party bubbles

play-doh

eye balls candy

Anyway, today at Costco, I decided to revert to candy. Despite this post, I’m not against candy. I’m just against the boring, uninspired kind. For $8.99 comes this pack of 90ct individually wrapped Absolute Sweet “Eye Ballzz” gummy candy. Aren’t they so funky and gross? David tried one, and yes, they’re edible. I don’t know how many parents will actually let their kids eat them, but I’m sure the kids will get a kick out of getting them!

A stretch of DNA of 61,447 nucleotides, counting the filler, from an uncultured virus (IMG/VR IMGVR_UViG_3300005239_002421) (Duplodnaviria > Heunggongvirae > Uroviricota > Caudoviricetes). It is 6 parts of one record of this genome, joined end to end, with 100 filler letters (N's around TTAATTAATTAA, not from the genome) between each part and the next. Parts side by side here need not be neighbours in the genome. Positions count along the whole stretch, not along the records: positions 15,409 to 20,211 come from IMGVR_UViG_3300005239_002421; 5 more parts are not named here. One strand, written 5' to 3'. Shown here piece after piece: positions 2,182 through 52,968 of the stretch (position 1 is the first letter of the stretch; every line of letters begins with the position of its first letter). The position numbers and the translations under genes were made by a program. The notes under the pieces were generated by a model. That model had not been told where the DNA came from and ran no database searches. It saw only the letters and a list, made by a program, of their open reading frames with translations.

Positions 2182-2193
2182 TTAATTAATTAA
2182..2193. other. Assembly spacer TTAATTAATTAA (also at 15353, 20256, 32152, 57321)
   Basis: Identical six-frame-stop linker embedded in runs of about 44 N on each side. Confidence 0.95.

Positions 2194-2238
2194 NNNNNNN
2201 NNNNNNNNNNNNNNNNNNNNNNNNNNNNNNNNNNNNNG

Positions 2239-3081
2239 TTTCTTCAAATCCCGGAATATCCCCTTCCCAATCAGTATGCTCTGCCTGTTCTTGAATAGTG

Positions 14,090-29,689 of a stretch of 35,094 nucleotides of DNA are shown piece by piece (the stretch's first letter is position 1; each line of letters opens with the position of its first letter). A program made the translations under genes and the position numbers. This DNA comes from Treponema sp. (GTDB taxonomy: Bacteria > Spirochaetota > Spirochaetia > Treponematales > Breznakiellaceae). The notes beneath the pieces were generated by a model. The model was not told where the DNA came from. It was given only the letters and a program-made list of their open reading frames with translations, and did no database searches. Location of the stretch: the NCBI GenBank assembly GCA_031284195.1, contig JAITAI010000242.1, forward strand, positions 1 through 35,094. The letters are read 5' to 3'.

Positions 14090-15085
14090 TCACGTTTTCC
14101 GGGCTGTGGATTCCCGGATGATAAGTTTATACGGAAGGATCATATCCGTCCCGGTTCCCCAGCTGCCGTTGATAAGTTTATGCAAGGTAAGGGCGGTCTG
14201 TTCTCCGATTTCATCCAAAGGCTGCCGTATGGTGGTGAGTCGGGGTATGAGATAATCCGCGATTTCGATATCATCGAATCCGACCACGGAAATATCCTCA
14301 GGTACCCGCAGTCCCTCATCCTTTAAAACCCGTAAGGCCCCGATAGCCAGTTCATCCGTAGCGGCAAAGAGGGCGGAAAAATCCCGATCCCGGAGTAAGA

Meanwhile, for those of you who would truly like to give candy alternatives, here is a list compiled from nationalserviceresources.org and palmettohealth.org.

  • Temporary tattoos
  • Stickers
  • Pencils
  • Fancy erasers
  • Pencil toppers
  • Crayons
  • Coins (pennies, nickels, dimes)
  • Small novelty toys
  • False teeth
  • Superballs
  • “Slime”
  • Miniature magnifying glasses
  • Plastic jewelry/decoder rings
  • Necklaces
  • Glow-sticks
  • Sugar-free candy
  • Tiny decks of cards
  • Plastic medals
  • Fake money
  • Origami paper & instructions
  • Bubbles
  • Granola bars
  • pretzels
  • cheese and cracker packs
  • sugar free gum
  • packets of instant hot chocolate or cider
  • miniature raisin boxes
  • single serving nut packets